If your dog has ingested something that it shouldn’t, a quick way to make them vomit is to give them hydrogen peroxide. Dogs are usually pretty simple to take care of, but a curious dog can get itself into a lot of trouble, and this is a handy thing to know in an emergency.
It’s a very reliable method, and works on most every dog without fail. The only thing that might screw things up is if you don’t give them enough. That’s why a quick call to the vet will get you the proper dosage, and if you’re having trouble administering it, they can walk you through the process and give you pointers along the way.
Can I Give My Dog Hydrogen Peroxide? Answer: Yes, In an Emergency
Getting a dog to throw up an offending item is often the quickest and simplest way to undo the damage. Keep in mind that it might not be the only thing that is needed, which is why you should consult your vet to see what you should do after you get them to throw up. In some instances this might be your only task, while in others it’s just the first step, especially if your dog swallows a poisonous substance that may have already entered their bloodstream, even if they do vomit the bulk of it up.
Call a Vet Immediately
If you suspect that your dog has swallowed something toxic or poisonous, you don’t want to delay on calling the vet and getting directions on what to do next. It doesn’t matter if you turn out to be wrong, because it’s better to be safe than sorry. Dogs are always rooting around trying to find things to eat, and they’re always exploring, which means they can get into all sorts of things that you might not have thought about, even if you doggy-proofed your home.
How to Do It
The first thing you’ll want to do before giving your dog hydrogen peroxide is get them corralled into a room that will be easiest to clean. Most choose the bathroom, or maybe a laundry room or even outside if you’re able to keep them in one specific location. You might need some assistance if you’ve got a larger sized dog, having one person hold the dog and one person get the hydrogen peroxide down the throat is the best set up. More people than that might freak your dog out and makes it harder to keep them still.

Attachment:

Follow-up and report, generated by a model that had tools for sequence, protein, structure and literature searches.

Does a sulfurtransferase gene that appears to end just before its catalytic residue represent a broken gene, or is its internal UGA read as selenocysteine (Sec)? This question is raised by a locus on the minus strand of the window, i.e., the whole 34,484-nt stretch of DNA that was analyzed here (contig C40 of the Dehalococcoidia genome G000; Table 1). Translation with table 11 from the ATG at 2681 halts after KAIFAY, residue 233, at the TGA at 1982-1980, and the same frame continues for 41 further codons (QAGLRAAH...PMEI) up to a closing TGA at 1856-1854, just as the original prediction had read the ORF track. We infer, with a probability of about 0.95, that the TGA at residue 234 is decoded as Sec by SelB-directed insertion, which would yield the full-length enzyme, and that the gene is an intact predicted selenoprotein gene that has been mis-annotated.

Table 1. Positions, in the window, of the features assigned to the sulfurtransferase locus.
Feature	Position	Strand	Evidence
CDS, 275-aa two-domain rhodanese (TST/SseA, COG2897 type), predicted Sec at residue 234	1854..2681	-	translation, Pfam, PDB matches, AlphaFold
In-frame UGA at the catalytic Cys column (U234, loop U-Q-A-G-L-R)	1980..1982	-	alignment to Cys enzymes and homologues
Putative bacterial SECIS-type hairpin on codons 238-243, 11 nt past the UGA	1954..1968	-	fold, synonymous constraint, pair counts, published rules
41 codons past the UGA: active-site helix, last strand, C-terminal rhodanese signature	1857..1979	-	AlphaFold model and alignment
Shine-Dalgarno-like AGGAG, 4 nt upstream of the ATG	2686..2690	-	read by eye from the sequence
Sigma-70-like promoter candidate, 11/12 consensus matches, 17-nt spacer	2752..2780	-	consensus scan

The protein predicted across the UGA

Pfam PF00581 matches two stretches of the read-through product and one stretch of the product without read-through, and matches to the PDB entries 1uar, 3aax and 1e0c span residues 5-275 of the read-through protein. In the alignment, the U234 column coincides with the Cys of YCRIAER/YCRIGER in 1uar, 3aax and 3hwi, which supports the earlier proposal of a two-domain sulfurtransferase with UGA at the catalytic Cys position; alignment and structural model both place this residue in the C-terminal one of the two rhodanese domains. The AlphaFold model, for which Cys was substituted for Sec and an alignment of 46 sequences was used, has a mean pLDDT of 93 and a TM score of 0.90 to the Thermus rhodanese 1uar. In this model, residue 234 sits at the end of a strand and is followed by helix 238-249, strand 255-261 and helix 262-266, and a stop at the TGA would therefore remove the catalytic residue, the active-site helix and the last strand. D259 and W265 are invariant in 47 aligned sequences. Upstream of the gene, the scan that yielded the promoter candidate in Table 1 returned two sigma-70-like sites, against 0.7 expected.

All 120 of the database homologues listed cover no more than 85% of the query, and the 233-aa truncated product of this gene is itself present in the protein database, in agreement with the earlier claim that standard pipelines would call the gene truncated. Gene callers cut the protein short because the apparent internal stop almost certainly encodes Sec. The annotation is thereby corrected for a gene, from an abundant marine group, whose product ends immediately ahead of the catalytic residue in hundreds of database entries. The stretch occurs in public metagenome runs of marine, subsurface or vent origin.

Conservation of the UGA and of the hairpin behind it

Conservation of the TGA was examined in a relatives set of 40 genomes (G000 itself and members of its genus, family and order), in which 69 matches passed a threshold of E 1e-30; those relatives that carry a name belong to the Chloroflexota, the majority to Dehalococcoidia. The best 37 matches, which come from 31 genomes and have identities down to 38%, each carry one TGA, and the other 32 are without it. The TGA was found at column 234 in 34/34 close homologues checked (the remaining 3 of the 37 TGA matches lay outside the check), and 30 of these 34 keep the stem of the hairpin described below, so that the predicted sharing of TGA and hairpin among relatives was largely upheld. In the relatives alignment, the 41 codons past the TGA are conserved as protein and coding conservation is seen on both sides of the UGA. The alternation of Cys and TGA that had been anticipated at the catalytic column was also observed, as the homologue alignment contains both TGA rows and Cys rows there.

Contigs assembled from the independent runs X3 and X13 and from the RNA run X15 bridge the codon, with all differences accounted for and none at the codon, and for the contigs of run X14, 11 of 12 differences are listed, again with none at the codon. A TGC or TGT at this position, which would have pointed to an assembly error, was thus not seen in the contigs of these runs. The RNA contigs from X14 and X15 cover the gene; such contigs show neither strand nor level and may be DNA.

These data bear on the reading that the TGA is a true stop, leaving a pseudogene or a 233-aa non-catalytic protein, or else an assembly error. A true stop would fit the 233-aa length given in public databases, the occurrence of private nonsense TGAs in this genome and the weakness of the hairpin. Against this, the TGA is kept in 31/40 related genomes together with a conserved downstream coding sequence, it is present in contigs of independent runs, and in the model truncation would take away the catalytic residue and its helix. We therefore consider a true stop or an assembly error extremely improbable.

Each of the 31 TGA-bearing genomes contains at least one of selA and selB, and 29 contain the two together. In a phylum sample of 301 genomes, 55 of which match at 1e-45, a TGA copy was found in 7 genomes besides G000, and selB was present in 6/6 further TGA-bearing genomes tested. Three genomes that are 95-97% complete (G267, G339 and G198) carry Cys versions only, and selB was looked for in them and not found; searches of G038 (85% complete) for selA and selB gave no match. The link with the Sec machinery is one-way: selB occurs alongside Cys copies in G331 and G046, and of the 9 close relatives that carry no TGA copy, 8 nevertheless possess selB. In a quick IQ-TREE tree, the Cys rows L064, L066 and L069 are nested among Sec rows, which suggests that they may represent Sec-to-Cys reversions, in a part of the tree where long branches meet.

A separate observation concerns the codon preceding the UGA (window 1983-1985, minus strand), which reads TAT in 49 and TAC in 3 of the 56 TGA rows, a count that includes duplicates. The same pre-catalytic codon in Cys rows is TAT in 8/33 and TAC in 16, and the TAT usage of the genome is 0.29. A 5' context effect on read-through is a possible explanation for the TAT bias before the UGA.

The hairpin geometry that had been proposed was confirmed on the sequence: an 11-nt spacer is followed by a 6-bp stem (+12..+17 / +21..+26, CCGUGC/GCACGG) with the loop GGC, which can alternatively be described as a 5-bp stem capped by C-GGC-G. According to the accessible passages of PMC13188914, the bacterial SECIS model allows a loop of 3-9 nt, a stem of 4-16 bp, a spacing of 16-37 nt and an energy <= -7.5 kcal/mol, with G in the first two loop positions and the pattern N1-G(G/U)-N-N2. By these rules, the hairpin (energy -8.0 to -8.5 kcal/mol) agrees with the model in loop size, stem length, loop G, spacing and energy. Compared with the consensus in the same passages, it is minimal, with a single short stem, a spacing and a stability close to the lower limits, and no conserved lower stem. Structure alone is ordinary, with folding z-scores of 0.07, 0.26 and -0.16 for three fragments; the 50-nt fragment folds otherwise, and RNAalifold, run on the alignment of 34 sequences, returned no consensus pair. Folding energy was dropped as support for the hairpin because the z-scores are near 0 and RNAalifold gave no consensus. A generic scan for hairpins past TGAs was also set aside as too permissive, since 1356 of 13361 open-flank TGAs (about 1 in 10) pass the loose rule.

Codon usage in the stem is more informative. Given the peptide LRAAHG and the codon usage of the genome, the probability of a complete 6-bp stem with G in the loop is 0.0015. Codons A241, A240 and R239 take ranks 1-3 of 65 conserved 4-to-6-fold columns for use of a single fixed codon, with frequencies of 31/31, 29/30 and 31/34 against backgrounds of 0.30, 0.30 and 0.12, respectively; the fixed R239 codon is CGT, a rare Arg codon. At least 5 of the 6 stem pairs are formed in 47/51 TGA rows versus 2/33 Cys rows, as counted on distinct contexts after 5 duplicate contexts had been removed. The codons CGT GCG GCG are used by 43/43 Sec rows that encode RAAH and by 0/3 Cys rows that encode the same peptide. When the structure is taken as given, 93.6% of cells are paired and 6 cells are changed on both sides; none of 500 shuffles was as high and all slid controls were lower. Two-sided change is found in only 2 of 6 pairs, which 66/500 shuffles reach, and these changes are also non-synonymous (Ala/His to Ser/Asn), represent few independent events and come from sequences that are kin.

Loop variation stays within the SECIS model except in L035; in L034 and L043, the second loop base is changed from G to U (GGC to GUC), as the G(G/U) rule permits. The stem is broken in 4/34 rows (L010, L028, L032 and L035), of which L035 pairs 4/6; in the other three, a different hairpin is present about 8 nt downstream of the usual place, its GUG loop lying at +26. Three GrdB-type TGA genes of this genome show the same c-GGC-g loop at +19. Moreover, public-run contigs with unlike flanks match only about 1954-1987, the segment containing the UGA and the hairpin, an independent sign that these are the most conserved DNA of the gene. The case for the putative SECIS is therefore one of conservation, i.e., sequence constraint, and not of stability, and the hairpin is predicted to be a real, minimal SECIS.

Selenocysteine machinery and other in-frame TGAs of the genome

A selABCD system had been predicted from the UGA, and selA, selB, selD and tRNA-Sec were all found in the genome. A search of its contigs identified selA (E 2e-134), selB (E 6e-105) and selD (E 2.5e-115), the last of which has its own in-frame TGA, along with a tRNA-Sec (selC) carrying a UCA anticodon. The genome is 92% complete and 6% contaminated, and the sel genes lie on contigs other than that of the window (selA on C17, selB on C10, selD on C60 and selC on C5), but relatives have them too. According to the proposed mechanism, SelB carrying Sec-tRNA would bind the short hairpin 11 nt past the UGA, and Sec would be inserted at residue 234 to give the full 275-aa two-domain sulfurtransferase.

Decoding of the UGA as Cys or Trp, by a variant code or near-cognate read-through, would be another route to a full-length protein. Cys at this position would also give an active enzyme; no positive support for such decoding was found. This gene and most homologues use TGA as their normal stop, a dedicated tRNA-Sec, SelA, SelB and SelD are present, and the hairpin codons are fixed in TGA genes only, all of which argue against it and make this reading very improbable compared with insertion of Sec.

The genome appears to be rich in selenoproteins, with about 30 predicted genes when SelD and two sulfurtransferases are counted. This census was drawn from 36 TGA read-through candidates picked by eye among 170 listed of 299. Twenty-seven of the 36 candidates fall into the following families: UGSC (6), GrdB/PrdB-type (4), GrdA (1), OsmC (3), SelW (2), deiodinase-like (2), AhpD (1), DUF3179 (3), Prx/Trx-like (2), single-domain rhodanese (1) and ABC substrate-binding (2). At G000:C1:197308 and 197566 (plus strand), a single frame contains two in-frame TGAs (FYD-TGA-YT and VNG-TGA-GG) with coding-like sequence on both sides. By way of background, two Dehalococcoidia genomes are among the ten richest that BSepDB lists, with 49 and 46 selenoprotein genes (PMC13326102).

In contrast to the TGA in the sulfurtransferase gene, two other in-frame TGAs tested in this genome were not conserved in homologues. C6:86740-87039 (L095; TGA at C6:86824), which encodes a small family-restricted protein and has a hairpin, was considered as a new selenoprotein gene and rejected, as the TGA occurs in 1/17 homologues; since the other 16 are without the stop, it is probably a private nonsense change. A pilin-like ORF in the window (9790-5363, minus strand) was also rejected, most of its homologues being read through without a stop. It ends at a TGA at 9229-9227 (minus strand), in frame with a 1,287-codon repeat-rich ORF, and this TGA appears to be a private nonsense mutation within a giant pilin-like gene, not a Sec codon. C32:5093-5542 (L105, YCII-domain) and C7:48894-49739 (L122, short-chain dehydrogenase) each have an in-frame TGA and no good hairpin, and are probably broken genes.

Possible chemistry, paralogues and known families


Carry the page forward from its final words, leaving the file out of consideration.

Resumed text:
For small dogs you should use the cap from the bottle, and for large dogs you can use up to two tablespoons to get the job done. This is the part where calling the vet comes in handy, because they can advise you on the right dosage for your breed and weight. Once you get it down the hatch it’s now time to play the waiting game. It can take anywhere from right away to up to about 5 minutes, so you might have to be patient. Once they get it up you should check the mess to make sure the offending item made its way out.
One way to avoid future problems is to go around your home and yard and think like a dog. Try to remove anything that could cause a problem that’s located below your knees. This is where a dog gets into most trouble, sticking its snout where it doesn’t belong, and where us humans don’t really think about a lot. Under outdoor decks and patios, in crevices and crannies around the home, and in obvious places like trash bins inside and out.
For Teeth Cleaning
Some owners wonder if they can use hydrogen peroxide to clean or otherwise bleach their dog’s teeth. This would not be recommended because of the high possibility that they might vomit if they ingest too much of it. Dogs don’t spit so things that end up in their mouth usually end up in their stomach. In order to properly clean your dogs teeth you can get special brushes for the job, and be sure to take them in for regular cleanings by the vet.